All posts tagged: cheese

Visiting the glorious Welbeck Estate (in inappropriate footwear).

The beautiful Welbeck Estate nestled in Sherwood Forest is in the heart of the ancient royal hunting grounds – the Dukeries. Welbeck Abbey was founded in 1153 and when dissolved, the Estate became the home of the Dukes of Portland and it continues to be privately owned to this day. Apart from the beautiful natural setting and the stunning buildings it is perhaps best known for the labyrinth of underground tunnels and rooms (including a ballroom!) constructed by the 5th Duke and for its time leased to the MOD for an army training college until 2005. It is once again lived in by members of the extended family who have transformed it into a thriving working Estate which provides inspiring, creative spaces for artisan food businesses, education and the arts. Although the house is private there is much to see to in the open parts of the estate and I was invited along to meet some of the fantastic artisan food businesses which operate out of Welbeck and to visit the Farm Shop. As well …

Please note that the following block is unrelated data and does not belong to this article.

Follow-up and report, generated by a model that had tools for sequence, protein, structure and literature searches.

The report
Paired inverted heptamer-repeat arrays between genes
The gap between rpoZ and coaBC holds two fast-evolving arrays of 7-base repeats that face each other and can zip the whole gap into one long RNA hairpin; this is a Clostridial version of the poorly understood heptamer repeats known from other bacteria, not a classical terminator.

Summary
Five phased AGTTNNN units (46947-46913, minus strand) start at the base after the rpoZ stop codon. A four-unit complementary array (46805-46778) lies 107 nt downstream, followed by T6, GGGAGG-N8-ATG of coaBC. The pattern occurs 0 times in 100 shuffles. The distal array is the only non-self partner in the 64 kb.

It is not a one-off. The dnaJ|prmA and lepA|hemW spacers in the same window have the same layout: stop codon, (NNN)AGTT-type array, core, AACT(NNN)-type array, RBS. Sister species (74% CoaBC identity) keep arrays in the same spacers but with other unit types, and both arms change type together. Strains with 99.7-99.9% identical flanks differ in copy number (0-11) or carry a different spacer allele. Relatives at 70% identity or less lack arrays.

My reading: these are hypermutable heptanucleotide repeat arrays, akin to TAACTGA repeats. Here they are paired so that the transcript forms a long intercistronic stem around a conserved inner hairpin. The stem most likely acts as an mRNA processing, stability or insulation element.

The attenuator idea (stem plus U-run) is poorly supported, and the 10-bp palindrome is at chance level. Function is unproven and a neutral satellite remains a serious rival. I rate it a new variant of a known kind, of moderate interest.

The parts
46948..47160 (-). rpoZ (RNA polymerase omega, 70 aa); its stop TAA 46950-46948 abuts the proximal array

Does this crumble look cooked to you?